Okay, they aren't actually Legos®, but if you pulled up a microscope and took a peek at one of these solar panels, you would see a familiar studded pattern. A problem with solar panels is that most of the light energy that hits a solar panel is not absorbed.
But by trapping light in a solar panel, researchers found they can increase the overall efficiency of a panel by up to 22%. These results are published in the October issue of Scientific Reports by researchers from Imperial College of London, Belgium, China, and Japan.
"In recent years both the efficiency and cost of commercial solar panels have improved but they remain expensive compared to fossil fuels. As the absorbing material alone can make up half the cost of a solar panel our aim has been to reduce to a minimum the amount that is needed," said Dr. Nicholas Hylton from the Department of Physics at Imperial College London.
"The success of our technology, in combination with modern anti-reflection coatings, will take us a long way down the path towards highly efficient and thin solar cells that could be available at a competitive price."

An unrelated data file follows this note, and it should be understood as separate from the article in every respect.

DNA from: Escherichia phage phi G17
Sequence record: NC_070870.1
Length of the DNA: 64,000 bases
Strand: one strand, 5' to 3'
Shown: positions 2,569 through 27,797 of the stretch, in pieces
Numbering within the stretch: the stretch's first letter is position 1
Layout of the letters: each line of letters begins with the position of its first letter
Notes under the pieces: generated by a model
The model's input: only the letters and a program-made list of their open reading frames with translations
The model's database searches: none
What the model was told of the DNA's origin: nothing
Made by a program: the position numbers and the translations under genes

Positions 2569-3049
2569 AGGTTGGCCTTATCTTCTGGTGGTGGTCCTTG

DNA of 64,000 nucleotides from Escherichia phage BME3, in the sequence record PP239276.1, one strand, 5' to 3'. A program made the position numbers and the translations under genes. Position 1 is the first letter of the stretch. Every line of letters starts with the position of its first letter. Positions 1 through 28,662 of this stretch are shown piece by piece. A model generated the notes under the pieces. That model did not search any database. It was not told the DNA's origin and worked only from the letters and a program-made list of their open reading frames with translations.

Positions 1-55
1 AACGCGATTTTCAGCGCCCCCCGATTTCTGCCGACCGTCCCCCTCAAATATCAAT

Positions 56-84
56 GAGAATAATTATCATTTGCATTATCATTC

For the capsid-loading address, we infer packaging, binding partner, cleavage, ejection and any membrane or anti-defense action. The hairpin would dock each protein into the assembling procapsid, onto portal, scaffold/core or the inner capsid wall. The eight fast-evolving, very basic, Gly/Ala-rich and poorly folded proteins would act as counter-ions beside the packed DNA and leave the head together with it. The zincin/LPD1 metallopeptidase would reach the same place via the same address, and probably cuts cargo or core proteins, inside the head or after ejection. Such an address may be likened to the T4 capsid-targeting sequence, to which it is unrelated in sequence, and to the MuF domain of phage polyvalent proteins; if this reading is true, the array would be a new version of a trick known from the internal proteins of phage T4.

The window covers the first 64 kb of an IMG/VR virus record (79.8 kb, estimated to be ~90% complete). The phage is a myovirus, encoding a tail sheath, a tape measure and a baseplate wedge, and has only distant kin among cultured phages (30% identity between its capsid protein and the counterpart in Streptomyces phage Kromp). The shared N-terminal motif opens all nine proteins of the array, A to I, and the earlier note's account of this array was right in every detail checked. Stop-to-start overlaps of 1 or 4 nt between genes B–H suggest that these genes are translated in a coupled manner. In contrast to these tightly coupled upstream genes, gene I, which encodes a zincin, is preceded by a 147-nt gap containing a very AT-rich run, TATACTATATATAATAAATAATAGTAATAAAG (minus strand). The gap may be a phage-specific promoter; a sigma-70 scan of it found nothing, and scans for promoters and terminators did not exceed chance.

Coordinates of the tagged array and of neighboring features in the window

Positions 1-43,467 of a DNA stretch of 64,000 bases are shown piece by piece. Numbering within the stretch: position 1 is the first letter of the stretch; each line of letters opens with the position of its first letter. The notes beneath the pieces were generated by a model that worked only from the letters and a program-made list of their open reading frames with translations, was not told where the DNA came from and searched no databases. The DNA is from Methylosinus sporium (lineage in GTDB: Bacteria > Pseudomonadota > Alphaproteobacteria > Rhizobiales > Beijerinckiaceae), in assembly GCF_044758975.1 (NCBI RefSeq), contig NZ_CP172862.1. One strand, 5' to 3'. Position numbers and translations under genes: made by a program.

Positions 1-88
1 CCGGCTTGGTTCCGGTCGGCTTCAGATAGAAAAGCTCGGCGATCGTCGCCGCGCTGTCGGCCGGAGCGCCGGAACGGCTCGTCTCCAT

Dr. Hylton and his colleagues attached rows of aluminum cylinders just 100 nanometers across to the top of the solar panel - giving them a Lego®-like appearance - where they interact with passing light, causing individual light rays to change course. More energy is extracted from the light as the rays become trapped inside the solar panel and travel for longer distances through its absorbing layer.
To make the "bricks", several layers of gallium arsenide (a semi-conductor) and silicon dioxide (a protective layer) were added on top of a base of semi-conductors. The aluminum was then deposited on top of the stack, and patterned into studs using electron beam lithography. Previous attempts have used silver and gold studs because those materials have strong interactions with light, but researchers found that they interact too well with light by absorbing the light before it enters the solar panel.
"The key to understanding these new results is in the way the internal structures of these metals interact with light. Gold and silver both have a strong effect on passing light rays, which can penetrate into the tiny studs and be absorbed, whereas aluminum has a different interaction and merely bends and scatters light as it travels past them into the solar cells."
It also helps that aluminum is cheaper and far more abundant than silver and gold.